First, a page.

‘Twist’ed Outcomes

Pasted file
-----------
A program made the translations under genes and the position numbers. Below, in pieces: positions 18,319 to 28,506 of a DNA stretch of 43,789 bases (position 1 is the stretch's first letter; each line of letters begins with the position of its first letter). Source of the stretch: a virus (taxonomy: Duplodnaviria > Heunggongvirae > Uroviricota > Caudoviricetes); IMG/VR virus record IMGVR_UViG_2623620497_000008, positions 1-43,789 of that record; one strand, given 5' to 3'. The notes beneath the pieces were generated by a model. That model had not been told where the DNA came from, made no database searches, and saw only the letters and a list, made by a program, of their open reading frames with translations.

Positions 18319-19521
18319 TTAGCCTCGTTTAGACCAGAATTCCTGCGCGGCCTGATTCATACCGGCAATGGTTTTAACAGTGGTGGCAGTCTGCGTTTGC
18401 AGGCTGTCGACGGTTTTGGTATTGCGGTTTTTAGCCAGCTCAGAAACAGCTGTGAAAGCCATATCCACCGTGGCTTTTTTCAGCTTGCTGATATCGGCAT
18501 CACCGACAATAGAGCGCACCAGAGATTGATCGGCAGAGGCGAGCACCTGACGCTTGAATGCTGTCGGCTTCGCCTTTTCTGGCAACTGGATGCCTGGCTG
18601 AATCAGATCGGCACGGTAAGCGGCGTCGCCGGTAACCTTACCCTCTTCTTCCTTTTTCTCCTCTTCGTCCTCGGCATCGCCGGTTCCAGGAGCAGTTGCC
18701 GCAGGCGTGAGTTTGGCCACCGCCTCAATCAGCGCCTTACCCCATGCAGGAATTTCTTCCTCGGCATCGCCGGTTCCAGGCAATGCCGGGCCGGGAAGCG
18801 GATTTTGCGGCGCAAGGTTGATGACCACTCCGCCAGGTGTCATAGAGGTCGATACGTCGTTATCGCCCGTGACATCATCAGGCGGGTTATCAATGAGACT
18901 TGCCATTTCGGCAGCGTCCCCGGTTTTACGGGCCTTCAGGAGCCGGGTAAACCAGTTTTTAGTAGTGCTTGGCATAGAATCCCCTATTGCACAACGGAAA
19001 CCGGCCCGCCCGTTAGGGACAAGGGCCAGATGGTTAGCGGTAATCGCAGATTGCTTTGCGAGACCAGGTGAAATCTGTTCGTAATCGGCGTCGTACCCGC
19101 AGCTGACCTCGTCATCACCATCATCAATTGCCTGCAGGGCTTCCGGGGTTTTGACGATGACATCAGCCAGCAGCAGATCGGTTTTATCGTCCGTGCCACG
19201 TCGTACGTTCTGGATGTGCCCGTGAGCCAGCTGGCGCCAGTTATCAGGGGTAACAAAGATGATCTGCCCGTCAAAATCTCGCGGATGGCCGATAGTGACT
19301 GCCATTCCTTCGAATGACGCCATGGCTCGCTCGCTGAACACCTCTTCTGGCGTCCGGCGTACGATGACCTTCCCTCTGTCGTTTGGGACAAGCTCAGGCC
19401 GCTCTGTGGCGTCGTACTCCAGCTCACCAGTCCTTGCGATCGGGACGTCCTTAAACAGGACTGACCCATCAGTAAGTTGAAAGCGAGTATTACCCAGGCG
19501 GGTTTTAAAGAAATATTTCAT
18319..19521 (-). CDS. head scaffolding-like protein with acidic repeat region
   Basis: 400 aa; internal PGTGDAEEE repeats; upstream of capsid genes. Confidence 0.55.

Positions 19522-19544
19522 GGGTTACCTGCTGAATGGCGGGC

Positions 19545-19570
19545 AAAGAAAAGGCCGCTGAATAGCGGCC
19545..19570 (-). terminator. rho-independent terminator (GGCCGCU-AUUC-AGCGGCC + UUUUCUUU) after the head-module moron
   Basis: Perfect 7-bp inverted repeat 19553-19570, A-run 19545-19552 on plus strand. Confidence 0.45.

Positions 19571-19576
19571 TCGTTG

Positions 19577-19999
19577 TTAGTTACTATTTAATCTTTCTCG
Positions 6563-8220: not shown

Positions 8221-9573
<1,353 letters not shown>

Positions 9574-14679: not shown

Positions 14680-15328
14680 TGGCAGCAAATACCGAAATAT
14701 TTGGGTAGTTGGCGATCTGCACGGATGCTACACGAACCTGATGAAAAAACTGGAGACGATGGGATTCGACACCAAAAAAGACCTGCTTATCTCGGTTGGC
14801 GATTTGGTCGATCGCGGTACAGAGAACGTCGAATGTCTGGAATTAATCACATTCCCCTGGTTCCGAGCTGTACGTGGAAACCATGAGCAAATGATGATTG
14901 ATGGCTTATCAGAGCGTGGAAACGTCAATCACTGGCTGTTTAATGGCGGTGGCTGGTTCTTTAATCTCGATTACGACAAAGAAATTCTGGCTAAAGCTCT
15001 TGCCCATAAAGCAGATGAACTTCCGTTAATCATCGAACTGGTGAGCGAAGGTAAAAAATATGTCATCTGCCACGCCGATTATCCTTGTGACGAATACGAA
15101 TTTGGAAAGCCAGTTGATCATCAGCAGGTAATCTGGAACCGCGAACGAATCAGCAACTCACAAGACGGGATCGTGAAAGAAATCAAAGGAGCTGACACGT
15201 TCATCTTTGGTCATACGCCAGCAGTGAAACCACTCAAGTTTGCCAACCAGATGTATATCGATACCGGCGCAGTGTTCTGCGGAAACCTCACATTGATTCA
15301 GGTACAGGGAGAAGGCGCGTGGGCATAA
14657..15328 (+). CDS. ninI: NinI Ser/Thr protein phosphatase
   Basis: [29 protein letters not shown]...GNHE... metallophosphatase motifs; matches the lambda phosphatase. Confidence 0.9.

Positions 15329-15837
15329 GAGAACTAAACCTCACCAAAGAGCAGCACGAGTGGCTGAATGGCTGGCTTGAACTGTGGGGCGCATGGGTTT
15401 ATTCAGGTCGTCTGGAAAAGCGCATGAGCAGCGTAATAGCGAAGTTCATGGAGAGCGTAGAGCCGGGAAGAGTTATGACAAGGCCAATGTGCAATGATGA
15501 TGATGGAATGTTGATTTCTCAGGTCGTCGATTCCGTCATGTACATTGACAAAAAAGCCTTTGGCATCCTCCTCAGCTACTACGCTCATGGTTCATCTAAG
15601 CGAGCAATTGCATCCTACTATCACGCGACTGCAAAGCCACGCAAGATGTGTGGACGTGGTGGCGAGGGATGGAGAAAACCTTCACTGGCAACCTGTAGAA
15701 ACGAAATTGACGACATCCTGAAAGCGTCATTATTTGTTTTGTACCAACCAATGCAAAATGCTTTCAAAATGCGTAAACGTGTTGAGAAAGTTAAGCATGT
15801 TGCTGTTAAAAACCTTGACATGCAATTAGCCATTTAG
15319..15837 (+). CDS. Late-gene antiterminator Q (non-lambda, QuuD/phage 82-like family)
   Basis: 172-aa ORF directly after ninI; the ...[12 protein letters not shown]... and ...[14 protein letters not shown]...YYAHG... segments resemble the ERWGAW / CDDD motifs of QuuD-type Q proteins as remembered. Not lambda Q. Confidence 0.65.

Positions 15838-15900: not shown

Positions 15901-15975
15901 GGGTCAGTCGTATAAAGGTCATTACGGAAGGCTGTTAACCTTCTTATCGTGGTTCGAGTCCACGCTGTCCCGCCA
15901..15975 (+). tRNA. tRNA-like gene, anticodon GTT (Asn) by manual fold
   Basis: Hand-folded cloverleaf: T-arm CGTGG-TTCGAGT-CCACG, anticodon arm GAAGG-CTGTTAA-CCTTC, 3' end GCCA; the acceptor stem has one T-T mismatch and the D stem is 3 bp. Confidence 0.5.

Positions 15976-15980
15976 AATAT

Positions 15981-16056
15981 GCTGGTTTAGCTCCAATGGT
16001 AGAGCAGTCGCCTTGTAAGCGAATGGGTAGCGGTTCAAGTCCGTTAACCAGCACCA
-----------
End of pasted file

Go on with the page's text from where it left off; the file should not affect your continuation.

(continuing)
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Oliver Twist, a novel written by Charles Dickens during the Victorian Era, chronicles the life of a small young boy. Oliver, an orphan grows up in a workhouse in severe and harsh conditions. Placed under the subjugation of the upper class, Oliver is taken for granted to be corrupt and immoral because he is unlearned and poor. However, this stereotype is soon faulted when Oliver turns out to be an innocent and sympathetic boy whose fate is inadvertently tragic. Even with such disadvantages, it is Oliver’s looks of innocence and lack of evil inside him that enables him to rise out from poverty. His innocence is the tool that allows Oliver to escape life at the bottom of society. It is also the trait that brings many people to pity him and help him. With this enhancement, Oliver is able to eventually trace his family lineage and find his place in society. Charles Dickens is protesting in this book that everyone should have a chance to become successful in life; that even criminals should be allowed a second chance to undo their acts and crimes. When Oliver is first introduced to the mastermind Fagin, he is sent on a mission with the Dodger and Charley Bates to steal a handkerchief from a gentleman. When he fails, the Dodger and Bates flee without the gentleman noticing. Oliver however is caught and sent to the police office to be sentenced by the magistrate. It is only when Oliver is saved by a witness’ confession that the other two boys attempted the theft rather than Oliver himself that he is allowed to be set free. It is only when Mr. Brownlow catches sight of Oliver, impoverished and with a fever that he feels pity for the boy and takes him home. Oliver is only saved because of his innocence that made him an individual comp... ... middle of paper ... ... mean to commit this crime and therefore was given a second chance by the Maylies and allowed to live a better life. Throughout the novel, Charles Dickens provides various example of how characters, no matter how badly lived their lives are, have a chance to seek for a better future. He protests through the examples of Mr. Brownlow helping out a lost orphan (Oliver) who happened to stumble across criminals, Nancy helping Oliver out because she doesn’t want Oliver to live a criminal life, and Rose and the Maylies taking Oliver in even though he committed a crime against them. Eventually Oliver is able to find his family lineage when Rose and Mr. Brownlow help him. Because of his innocence, Oliver was able to break his way through the limits society placed upon him and rise out of poverty and break the bonds and rise out of the crime world.

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